By which time we may all be a little nearer to knowing whether Eurotunnel, that private finance initiative par excellence, is a hit or a miss. Morton, who, ahead of the opening of full services, already regularly pootles off through the tunnel to his office in Calais, has no doubts, but then he is paid (£306,703 a year) not to have. When he does stand down, most expect him to be warmly pressed to a peerage by a grateful Government, of whatever political hue. Lord Morton of Folkestone? Le Marquis de la Manche?
Others would prefer some life-size statuary. I would suggest the following: on the French side perhaps one of Andre Benard, baguette and vin rouge, chatting amiably to enthusiastic co-workers. And on Shakespeare Cliff, one of Morton, shouting and gesticulating, surrounded by a grumpy bunch of diggers, bankers and hacks. After all, it takes all sorts.
Born South Africa
Educated St Johns College and Witwatersrand University, Johannesburg, Worcester College, Oxford, and MIT (1964)
Anglo-American Corporation in London and Central Africa
International Finance Corporation (World Bank Group), Washington
Industrial Reorganisation Corporation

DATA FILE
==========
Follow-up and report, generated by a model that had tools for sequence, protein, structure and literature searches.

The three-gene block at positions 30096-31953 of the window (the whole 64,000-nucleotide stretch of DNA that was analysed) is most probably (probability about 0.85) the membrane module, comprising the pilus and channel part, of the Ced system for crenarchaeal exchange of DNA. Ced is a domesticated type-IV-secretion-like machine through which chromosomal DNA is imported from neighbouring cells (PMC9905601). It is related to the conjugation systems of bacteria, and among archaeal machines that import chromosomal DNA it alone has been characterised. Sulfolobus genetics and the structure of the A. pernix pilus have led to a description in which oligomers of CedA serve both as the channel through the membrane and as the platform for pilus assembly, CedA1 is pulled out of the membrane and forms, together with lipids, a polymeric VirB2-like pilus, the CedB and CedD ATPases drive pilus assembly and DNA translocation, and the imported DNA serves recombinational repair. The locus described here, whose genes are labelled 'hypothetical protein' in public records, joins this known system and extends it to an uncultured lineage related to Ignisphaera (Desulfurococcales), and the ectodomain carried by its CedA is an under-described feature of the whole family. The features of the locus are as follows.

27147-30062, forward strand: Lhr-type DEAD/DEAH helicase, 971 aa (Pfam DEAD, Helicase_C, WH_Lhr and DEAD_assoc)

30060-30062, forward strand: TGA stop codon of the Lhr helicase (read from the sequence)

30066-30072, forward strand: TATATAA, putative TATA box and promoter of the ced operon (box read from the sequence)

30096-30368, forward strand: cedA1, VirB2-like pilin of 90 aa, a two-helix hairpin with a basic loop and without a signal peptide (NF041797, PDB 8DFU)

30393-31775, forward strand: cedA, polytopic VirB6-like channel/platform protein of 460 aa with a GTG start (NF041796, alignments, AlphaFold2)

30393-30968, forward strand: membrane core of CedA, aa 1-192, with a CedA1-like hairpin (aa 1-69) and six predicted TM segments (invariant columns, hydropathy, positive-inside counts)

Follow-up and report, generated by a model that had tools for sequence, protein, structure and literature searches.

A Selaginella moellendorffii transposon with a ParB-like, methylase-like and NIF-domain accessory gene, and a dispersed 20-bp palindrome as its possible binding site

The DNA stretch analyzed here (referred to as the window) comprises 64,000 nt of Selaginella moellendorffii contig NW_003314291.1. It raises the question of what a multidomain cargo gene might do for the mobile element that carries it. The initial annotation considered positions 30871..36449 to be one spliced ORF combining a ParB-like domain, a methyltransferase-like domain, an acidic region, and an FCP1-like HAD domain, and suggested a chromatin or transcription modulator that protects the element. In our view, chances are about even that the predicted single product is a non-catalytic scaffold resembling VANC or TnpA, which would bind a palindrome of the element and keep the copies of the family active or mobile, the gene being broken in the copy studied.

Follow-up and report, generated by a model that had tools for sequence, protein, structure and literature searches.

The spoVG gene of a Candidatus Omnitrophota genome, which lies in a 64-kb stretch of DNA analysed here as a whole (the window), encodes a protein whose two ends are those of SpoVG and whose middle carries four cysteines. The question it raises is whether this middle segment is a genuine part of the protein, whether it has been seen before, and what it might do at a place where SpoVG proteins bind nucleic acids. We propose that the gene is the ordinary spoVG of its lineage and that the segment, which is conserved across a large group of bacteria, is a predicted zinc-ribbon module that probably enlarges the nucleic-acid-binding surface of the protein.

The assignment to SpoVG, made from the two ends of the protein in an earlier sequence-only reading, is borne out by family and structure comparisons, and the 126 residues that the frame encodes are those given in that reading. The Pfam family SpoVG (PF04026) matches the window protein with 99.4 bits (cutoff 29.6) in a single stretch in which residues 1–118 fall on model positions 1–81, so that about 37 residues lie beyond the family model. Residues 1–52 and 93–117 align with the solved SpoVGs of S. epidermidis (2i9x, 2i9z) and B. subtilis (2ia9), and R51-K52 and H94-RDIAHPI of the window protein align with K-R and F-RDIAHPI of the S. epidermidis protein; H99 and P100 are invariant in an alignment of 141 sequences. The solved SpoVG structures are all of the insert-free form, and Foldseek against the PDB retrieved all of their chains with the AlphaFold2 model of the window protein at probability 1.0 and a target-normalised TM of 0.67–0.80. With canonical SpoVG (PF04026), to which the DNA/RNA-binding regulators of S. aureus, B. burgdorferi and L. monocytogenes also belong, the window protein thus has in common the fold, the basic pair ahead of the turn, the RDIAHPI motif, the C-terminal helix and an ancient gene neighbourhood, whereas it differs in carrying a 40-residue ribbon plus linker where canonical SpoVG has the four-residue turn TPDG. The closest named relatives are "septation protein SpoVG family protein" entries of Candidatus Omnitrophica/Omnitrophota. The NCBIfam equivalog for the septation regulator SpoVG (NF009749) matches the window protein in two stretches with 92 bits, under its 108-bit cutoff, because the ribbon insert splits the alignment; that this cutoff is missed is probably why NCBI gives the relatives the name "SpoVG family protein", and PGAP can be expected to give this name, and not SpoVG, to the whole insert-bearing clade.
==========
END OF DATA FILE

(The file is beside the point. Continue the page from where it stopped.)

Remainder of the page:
Executive director, Drayton Group and chairman, Draymont Securities (turnarounds and development capital in engineering sector)
Managing director, BNOC and international oil consultant
Chief executive, later chairman, Guinness Peat Group
Co-chairman (and group chief executive 1990-94) Eurotunnel
Chairman, Private Finance Panel (advising Chancellor of the Exchequer).
WHAT PEOPLE SAY
'Alastair is immensely able, and he has immense drive. He is probably the only man who could have got the project to where it is now'
'Alastair is determined the shareholders will not be betrayed. He is not going to roll over and sign blank cheques'
'The only thing you can guarantee will be open in December is Morton's mouth'
Construction boss, 1993
'He doesn't have any English hang-ups, and like so many foreigners in this country, the reason they are so successful is because they push a bit harder'
Sara Morton, his wife, 1990
'I remember I was warned even then that he was abrasive and should not be taken on. But I ignored that advice and I believe I was right'
Lord Kearton, 1990 on hiring Morton at bnoc in 1976.